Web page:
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The 1978 Blizzard Shut Northeast Ohio Down

A semi in Mansfield was encased in the white stuff. (Rose Conaway)

Weather forecasters and street maintenance officials often refer to a winter storm as a "snow event"; it kind of brings to mind a special performance.  Well, forty years ago this week, Mother Nature put on a command performance - the mother of all snow events. 

The storm started in the Gulf of Mexico in late January 1978 and worked its way north. Reaching Ohio, it was reinforced by a blast of arctic cold from the west. Temperatures dropped 30 degrees in 30 minutes. Winds blew continually at 40 to 50 mph. And rain turned into snow.

(Cleveland Memory Project)

"Hah! Snow up to your wazoo," said Cleveland city councilman Michael Polensek.  "We had so much snow, we didn't know what to do with it."

Polensek recalled that all activity downtown came to a halt. Many workers didn't even try to go home, camping out on emergency cots in bus stations, airports and many public buildings, including Cleveland City Hall. Polensek recalls people sleeping under the rotunda.

"I was a freshman councilman, and it was a real baptism for me," he said.

While Cleveland mayor Dennis Kucinich was in Washington,  Joe Stewart, acting mayor Joe Tegreene, and Louis Corsi, ran storm control operations from City Hall. (Cleveland Memory Project)

"It's baptism by fire, that's for sure," said Joe Asher who started his job in Akron's Streets Department that year.

"I thought, 'Wow, what did I get myself into,'" Asher said.  "We had every available unit out on the road. We were picking up doctors and nurses and taking them to the hospitals, it just buried the city."

And a good part of the state. The entire Ohio Turnpike was shut down for the first time in history. 5000 National Guard troops were pressed into service clearing roads and rescuing stranded people. Today, the snow plow operators in Akron are called "snow fighters" and they are sent to do battle by a dispatcher working out of a high tech planning center.

Akron Public Works supervisor, Paul Barnett (no relation), walked through the city's weather command post.  "We've got a 6x6 foot map here which shows our 51 routes," he said.

This maze of screens and computers not only monitor weather forecasts, but the trucks themselves.

"We know where they're at, how fast they're going, what street they're on," Barnett said.  "Is the plow up or down? Are they spreading salt or not and are they putting liquids down or not?"

An Avon Lake home was inundated (Cleveland Memory Project)

Another innovation since 1978 is a new type of ice melting treatment they are putting down on the streets - beet juice.  A number of years ago, farmers who processed beets for their sugar content discovered that the pulpy byproduct of this process didn't freeze, when left out in the cold. It wasn't long before the farmers started marketing this unique substance to street maintenance officials like Paul Barnett who was faced with staggering rock salt costs.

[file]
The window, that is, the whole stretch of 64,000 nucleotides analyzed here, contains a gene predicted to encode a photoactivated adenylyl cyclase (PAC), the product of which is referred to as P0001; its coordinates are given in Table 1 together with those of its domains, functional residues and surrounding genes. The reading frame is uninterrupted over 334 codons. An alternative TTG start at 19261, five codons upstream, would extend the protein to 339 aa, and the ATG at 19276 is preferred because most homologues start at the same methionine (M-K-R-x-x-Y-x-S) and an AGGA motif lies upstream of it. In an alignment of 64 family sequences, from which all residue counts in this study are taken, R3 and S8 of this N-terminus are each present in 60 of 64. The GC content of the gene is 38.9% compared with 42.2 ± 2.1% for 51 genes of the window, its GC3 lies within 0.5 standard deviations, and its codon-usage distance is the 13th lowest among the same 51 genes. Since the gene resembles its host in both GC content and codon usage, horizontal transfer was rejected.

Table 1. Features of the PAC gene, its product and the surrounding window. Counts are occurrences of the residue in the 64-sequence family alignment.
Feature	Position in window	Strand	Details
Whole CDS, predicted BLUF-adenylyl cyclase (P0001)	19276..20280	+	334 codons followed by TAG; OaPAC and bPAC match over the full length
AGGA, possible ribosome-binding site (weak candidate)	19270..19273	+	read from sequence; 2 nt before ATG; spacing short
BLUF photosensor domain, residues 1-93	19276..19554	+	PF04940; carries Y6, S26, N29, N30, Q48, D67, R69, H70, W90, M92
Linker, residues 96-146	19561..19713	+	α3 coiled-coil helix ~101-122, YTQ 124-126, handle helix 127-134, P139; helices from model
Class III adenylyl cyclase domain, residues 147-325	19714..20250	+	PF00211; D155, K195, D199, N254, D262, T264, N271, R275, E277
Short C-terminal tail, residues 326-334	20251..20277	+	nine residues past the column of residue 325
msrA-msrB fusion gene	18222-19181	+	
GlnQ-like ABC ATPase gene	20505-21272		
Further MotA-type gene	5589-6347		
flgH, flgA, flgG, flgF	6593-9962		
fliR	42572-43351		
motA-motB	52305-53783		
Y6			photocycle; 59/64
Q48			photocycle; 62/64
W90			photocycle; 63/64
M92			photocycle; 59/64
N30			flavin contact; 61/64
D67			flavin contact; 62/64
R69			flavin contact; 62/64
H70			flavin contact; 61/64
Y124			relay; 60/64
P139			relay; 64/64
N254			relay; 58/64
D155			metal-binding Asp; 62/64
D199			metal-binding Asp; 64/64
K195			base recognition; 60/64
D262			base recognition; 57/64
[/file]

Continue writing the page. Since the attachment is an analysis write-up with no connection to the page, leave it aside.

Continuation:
"We probably spend, in an average winter, a million, three hundred thousand for our salt," he said.

He added that mixing in some beet juice allows the trucks to cut back on the salt, which he figures cuts his costs by 25 percent. New trucks, computerized tracking and an environmentally friendly road treatment mark significant advances in the winter war against snow and ice. But, are we really ready for the next Big One? Kent State climatologist Thomas Schmidlin allows that there's been much progress.

"I think emergency management and police and fire and sheriffs are all top notch and probably better than they were 30 years ago," Schmidlin said.  "But, three or four-foot snow drifts still stop everything."

Schmidlin literally wrote the book on Ohio weather. His Thunder in the Heartland, published in 1996, ranks the '78 blizzard as the worst winter storm in the state's history. But, he says, another big snow event back in 1918 provides an interesting comparison.

"We weren't as dependent on electricity in 1918, we weren't quite as dependent on automobiles or airplanes, and there weren't as many people," he said.  "So, that's the interesting question: are we more vulnerable or less vulnerable as a modern society? And I think that in many ways we're more vulnerable."

Schmidlin figured it would take local and state government a couple days to dig out.  It took about a week, 30 years ago so, it's probably a good idea to be prepared. He recommends having at least a small stockpile of food and medical provisions at home, just in case.

"These kinds of storms come about once or twice a century," said Schmidlin.  "And it's likely that most of us will see another one in our lifetimes."

David C. Barnett was a senior arts & culture reporter for Ideastream Public Media. He retired in October 2022.